After over 25 years, the official Government of Guam Protocol Guide has finally been updated to provide a standardized reference for all protocol-related matters in the government of Guam.
The modernized guide, spearheaded by Senator Mary Camacho Torres, who chairs the 35th Guam Legislature’s Subcommittee on Protocol, updates the GovGuam Protocol Guide, which was established in the 16th Guam Legislature and last updated in 1993.
The protocol guide has served as a reference for proper planning procedures, etiquette for government functions, and the regular conduct of international courtesy.
Authorized by Sen. Régine Biscoe Lee, who chairs the rules committee, a subcommittee on protocol was established and tasked with the preparation of an updated guide.
A training session addressing key topics within the guide was already hosted by Sen. Torres and Lt. Gov. Joshua F. Tenorio at the Guam Museum, with over 40 representatives of GovGuam agencies in attendance.
The training was led by protocol experts Jean Chabanne and Clare Borja.
Chabanne was recently trained and licensed by the Protocol School of Washington. As Protocol Officer for the Marine Corps Activity Guam (MCAG), she provides etiquette and protocol services to government agencies.
Borja retired from the Joint Region Marianas as Region Protocol Officer. She served as the Chief Protocol Officer for Gov. Felix Camacho as well as Protocol Officer for Congresswoman Madeleine Z. Bordallo; and is trained and licensed by the Protocol School of Washington.
The updated Protocol Guide reorganizes the content of the previous guide by grouping related sections to create sensible flow and user-friendly layout. In addition to the reorganization of certain information, some areas were revised to reflect proper protocol observed on Guam today. These additions or revisions include the following:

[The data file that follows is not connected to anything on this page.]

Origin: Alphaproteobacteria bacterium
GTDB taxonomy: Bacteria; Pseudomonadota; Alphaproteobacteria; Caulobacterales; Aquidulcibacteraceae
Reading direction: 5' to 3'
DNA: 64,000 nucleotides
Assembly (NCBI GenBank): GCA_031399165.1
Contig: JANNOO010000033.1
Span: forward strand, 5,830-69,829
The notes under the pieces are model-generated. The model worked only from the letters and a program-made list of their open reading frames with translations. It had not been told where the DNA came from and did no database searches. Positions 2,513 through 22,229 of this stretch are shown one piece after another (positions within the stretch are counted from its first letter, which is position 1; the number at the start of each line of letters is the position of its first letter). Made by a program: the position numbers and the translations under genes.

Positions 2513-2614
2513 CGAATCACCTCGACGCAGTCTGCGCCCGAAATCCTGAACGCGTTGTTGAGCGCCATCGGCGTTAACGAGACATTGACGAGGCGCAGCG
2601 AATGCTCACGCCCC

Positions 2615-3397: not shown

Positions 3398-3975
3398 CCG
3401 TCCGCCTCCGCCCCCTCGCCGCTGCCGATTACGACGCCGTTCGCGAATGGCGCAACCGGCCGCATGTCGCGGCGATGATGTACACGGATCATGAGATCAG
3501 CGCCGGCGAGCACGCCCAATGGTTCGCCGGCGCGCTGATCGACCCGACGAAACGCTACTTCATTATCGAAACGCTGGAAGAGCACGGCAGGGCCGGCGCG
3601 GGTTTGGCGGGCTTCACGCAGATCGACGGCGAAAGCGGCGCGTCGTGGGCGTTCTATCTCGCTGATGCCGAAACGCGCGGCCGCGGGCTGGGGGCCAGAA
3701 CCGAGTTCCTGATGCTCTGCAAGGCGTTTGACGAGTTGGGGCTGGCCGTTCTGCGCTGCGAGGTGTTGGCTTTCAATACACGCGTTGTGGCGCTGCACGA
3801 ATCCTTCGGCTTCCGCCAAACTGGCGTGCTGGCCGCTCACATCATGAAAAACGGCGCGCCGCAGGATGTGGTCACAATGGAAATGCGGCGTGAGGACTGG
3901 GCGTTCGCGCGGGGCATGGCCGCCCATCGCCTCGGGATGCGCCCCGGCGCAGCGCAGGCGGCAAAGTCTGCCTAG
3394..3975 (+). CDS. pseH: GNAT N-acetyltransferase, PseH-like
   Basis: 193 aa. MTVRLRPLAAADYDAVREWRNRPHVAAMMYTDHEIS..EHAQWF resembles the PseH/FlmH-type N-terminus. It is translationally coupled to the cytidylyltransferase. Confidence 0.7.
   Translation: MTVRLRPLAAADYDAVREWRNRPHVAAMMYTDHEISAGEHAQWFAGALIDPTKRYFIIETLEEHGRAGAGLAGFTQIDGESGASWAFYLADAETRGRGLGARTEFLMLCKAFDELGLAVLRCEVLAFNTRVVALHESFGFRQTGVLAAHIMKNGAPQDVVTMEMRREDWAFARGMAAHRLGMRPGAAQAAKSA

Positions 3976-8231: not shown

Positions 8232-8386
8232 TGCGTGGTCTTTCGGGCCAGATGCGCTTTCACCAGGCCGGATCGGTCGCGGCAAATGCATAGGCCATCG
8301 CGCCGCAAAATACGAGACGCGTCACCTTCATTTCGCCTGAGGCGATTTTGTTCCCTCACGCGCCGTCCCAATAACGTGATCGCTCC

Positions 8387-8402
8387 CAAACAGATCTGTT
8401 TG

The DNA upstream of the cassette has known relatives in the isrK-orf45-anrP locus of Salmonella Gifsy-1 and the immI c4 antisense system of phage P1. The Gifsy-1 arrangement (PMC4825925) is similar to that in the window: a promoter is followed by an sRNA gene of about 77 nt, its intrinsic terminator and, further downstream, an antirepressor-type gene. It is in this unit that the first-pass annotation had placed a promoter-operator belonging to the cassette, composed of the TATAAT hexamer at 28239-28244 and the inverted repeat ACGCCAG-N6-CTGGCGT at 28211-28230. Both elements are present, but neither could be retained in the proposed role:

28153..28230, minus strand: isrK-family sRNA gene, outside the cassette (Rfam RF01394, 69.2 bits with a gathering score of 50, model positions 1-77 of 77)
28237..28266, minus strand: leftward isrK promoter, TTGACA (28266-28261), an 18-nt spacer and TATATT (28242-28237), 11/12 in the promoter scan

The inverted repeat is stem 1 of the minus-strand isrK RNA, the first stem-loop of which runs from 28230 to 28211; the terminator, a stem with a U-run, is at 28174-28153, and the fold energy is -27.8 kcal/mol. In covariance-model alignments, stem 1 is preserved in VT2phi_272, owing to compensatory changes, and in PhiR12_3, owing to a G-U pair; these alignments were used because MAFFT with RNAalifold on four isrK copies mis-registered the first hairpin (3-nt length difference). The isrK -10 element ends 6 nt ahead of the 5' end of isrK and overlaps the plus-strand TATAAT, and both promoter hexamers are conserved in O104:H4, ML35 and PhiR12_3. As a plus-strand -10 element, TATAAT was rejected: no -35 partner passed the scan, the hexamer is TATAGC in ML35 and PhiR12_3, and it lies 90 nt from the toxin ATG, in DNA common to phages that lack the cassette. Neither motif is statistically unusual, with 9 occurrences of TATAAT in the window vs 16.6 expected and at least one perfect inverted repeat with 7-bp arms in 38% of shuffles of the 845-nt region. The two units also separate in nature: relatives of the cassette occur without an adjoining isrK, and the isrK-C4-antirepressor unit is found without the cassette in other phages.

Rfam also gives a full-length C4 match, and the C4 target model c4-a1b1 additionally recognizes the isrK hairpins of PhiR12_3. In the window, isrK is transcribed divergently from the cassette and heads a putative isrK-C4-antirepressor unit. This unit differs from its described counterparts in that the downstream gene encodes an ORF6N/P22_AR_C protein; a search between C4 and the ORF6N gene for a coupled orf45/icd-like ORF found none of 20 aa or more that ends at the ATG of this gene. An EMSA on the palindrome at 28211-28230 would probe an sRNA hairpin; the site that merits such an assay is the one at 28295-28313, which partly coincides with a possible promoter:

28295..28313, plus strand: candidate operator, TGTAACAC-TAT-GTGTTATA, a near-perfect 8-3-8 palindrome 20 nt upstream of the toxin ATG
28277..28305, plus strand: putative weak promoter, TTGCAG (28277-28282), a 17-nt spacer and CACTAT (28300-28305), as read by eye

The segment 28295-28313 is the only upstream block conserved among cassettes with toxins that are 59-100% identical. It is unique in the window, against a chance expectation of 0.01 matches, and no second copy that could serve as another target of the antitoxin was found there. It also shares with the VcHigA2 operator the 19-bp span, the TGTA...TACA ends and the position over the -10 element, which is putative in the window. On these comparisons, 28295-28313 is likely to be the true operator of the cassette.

* Updates to addresses referenced in the previous publication, such as references to the temporary Guam Legislature Building;
* Territorial Order of Precedence: the positions of the Public Auditor of Guam and the Attorney General of Guam were added because these titles were not recognized previously as they were not elected officials at the time of the last publication;
* Opening ceremonies: a new section including descriptions of the Blessing/Bendision and the Inifresi was added. These traditional cultural ceremonies are now observed at many events;
* Guam Flag: a new section detailing the proper folding of the Guam flag was added; and
* Digital Etiquette: a new section pertaining to email, cellphone, photograph and social media etiquette was added because the committee found it useful to have this reference on proper digital etiquette with today’s increasing technological advancements.
Given developments in protocol over the last two decades, Sen Torres said a new guide was crucial as it relates to all official events and activities conducted by the government of Guam.
The updated guide is available to the public at www.guamlegislature.com.